Guarded is today’s #writephoto prompt, with the photo below, and I’m pleased to say it is a 2021 one! Sue Vincent is providing prompts as long as she can, so it has spurred me on through a little non-writing spell.
You’ll remember that I did Entrance a couple of weeks back, and most of you wanted to know what happened to Serena. Here’s an answer, sort of. It’s just under 1000 words.
Caroline Sarah Carruthers had absolutely no interest in her (great) grandfather’s historical adventuring. Her sister, Serena, might traipse all over the world, tracing his footsteps as she called it, but Caroline considered that a waste of time and carbon footprint.
Her interests lay in tech solutions. Serena’s adventures gave her plenty of interesting innovation opportunities.
While Serena was away, Caroline monitored her, guarded her. Other times, she tinkered with various gadgets, read up on the latest snooping tools, and networked with like-minded people.
These people often come in handy if, like now, Serena has gone missing in wild country, and Caroline’s normal tracking devices aren’t picking up.
One of these days she’d work out how to track Serena remotely through several hundred feet of rock. For now, she had to get her dense-material tracker closer to the source.
She frowned as she checked the route again. Her terrain display showed Serena making her tortuous way up a grassy hill, pausing at a rockface, and then disappearing. By the way the signal faded, she must have gone inside a cave, or under a rock ledge. And since it was now four hours since the last signal, Caroline felt a stirring of… impatience.
It would take at least two hours for her bullet flyer to get to the moor’s no-fly zone, then another few minutes to despatch the tactical drone it carried. That had stealth capability to hide from any observation satellites, and arrive unseen at Serena’s last location. But the drone was slow, and could take as much as thirty minutes to get to the place she had on vision.
Settle was the nearest town; it sounded familiar. Clicking her display again, she smiled. Bob was just the person! He would have a tactical drone: he lived within four miles of a no-fly zone. Now, if she could persuade him to let her upload some software to it…
Bob was in London. Beer festival at Alexandra Palace. She might have known he’d be a beery type. Went with the luxurious beard he sported, even in his avatars.
“I tell ye what,” he drawled. “I’ll get my mate Ted onto it. He’s at home. Couldn’t make it.”
“Unlucky for Ted, lucky for me,” Caroline said, and signed off, having secured the password controls for the drone and permission for the software upload—nothing exceptional, she assured Bob. His drone would be just the same to handle as before. Just better.
Ted was amiability itself. He suggested he go and let the drone out when he went to take his dog for a walk, in half an hour. Caroline rolled her eyes. At this rate, she should have just sent her bullet with its cargo.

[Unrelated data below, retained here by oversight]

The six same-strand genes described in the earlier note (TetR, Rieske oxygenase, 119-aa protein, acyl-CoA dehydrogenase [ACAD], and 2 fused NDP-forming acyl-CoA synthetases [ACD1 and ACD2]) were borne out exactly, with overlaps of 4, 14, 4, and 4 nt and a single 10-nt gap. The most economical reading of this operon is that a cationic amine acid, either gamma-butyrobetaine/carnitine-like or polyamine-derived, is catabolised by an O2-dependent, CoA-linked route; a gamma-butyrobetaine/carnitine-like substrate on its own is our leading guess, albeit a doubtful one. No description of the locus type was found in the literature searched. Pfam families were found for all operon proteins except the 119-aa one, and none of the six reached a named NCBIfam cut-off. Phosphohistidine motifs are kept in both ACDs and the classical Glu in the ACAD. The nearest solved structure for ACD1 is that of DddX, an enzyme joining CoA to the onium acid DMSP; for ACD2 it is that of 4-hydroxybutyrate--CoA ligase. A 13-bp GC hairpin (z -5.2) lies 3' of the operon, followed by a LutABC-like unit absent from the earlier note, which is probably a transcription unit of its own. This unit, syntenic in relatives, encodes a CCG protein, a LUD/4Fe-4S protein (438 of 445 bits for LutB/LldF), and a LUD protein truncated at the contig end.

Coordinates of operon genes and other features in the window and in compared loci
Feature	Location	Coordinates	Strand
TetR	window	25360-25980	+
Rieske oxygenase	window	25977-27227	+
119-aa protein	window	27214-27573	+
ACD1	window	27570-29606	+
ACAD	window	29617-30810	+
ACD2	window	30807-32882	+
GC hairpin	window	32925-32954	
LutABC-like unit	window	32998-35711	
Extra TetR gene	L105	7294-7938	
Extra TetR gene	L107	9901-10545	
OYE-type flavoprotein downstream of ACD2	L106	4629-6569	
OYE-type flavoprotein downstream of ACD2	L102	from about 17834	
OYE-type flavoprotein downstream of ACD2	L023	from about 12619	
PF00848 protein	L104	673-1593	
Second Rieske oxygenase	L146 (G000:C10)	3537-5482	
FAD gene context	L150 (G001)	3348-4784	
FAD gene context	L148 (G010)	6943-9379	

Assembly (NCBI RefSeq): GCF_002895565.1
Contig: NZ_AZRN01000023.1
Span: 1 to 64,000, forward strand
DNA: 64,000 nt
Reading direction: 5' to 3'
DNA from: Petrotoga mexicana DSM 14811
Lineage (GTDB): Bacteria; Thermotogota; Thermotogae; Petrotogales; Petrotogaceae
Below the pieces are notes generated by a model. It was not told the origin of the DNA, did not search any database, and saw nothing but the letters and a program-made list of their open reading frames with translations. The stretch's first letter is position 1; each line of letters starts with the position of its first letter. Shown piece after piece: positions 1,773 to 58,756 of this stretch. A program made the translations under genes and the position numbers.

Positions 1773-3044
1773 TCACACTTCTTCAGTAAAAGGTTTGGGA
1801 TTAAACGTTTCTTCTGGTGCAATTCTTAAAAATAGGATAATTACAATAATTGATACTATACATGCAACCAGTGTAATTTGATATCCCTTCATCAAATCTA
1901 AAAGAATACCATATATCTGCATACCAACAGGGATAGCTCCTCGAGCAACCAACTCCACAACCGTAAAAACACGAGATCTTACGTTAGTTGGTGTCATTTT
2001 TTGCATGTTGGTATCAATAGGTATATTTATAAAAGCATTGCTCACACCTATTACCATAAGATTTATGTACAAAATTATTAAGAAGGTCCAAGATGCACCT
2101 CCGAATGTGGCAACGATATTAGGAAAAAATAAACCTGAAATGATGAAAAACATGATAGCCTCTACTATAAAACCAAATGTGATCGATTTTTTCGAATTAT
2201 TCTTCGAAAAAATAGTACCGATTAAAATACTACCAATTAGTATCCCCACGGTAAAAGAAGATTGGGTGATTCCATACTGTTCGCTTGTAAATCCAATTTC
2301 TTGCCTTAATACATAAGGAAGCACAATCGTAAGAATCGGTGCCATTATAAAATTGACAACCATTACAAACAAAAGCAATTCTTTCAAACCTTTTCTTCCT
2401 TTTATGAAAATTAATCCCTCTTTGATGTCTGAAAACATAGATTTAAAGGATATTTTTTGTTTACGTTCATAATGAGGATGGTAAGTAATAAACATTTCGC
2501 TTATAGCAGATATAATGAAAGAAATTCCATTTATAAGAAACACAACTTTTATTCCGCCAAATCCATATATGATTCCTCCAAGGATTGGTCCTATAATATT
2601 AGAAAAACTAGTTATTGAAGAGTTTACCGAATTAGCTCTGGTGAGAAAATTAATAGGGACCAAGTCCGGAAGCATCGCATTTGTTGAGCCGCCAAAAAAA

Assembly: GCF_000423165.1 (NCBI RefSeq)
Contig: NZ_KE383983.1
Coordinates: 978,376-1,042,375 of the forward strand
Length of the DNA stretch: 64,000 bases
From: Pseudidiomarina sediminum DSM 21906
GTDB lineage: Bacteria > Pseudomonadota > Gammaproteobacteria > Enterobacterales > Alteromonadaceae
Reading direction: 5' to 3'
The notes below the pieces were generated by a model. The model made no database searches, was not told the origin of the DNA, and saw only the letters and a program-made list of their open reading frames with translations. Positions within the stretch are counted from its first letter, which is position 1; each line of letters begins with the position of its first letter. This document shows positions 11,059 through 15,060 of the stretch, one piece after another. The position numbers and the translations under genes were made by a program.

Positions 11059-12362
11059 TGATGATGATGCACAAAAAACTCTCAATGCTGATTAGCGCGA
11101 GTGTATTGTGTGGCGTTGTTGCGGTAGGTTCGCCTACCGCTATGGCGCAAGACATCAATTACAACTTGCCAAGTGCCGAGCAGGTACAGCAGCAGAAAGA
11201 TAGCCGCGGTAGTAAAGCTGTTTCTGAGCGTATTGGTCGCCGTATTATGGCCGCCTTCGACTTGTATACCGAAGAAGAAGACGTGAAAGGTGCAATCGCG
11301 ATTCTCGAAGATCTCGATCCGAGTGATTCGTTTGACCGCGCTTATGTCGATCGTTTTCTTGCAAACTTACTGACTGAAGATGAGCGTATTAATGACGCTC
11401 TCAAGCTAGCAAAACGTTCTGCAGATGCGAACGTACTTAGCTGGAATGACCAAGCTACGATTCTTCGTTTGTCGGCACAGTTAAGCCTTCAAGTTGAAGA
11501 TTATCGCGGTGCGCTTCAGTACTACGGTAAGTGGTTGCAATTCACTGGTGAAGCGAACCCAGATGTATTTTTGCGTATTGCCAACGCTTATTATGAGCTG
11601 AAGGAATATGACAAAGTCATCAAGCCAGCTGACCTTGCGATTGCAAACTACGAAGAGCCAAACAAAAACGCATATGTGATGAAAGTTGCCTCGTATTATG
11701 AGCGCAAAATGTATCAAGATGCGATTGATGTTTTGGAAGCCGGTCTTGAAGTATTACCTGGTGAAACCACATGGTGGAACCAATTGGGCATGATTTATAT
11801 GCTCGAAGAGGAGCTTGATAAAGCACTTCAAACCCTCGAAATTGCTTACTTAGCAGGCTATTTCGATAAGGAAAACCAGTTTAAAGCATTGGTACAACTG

“Oh, you mean right now?”
“Yes, my sister hasn’t come back off the moors. I need to check on her.”
“Ah, well, I could always call the MRT for you.”
“No need for Mountain Rescue yet, thanks. Just need to check she’s on the right route.”
“Ah. I’ll go now, then.”
She tracked Ted to Bob’s usual location, and sent the drone passwords. It was alive, waiting for release as Ted opened the barn door. She shook her head as she heard him talking to it, ‘letting it out for a run’. It’s not a dog, Ted.
Once in the clear, she sent the drone on course, and proceeded to upload the dense-material software. She debated setting a self-destruct, but instead wrapped it in several privacy layers to make sure Bob didn’t get into it. Well, she planted something interesting for him to make him feel he’d found it.
Away up on the moor, the drone flitted about like a demented dragonfly. There was no trace from the place Serena had disappeared into the rock.
She sent the drone round the hillside on a level contour path, watching it reach the western edge, turn south and hugged the contours some more as it veered toward the northeast.
She brought the drone back and got the signal again, then sent the drone on a pattern to find the maximum point. It hovered over a gigantic rock, sitting all alone surrounded by heather and bracken, a well-used rutted track running a few meters away, going north-south. A quick check showed her that it was seven point four kilometres in a straight line from the rockface where Serena’s signal disappeared.
She brought the drone lower, examining the rock, which loomed like stacked granite slabs, with cracks between them. Was Serena under this stack?
A few more measurements with other sensors suggested she was at least twenty feet below the surface, but moving slowly upwards. Maybe she was climbing. Ah, that looked like some sort of hole. Just in case it wasn’t the exit from whatever Serena had got into, she sent the drone to the top of a smaller rock on the other side of the path to wait it out.
Half an hour later, all the displays on Caroline’s tracking devices went off, and she saw movement on the drone’s camera.
“Are you okay?” Caroline asked.
Serena leapt into the air, turned on her feet in karate stance, and stood, visibly trembling even in the fading light.
“I’ve been tracking you, it’s Caroline. Are you okay?”
“I… noooooooo. Rats…., dragons….. Keep away. Never come back. Go. Go.”
“Serena, calm down. I’m with you. There’s a drone straight ahead.” She lifted it off the rock. “Can you see it. It’s a friend. Follow it to safety. I’ll direct you back to your hotel.”
Serena was barely able to shuffle along behind the drone. As the light faded, it shone a beam on the track to guide Serena as she stumbled along.
Caroline pre-ordered a soothing meal from room service, and told them she’d call when she was five minutes from the hotel. It was always the easiest way to deal with Serena’s post-Carruthers traumas.
She’d recover. Eventually.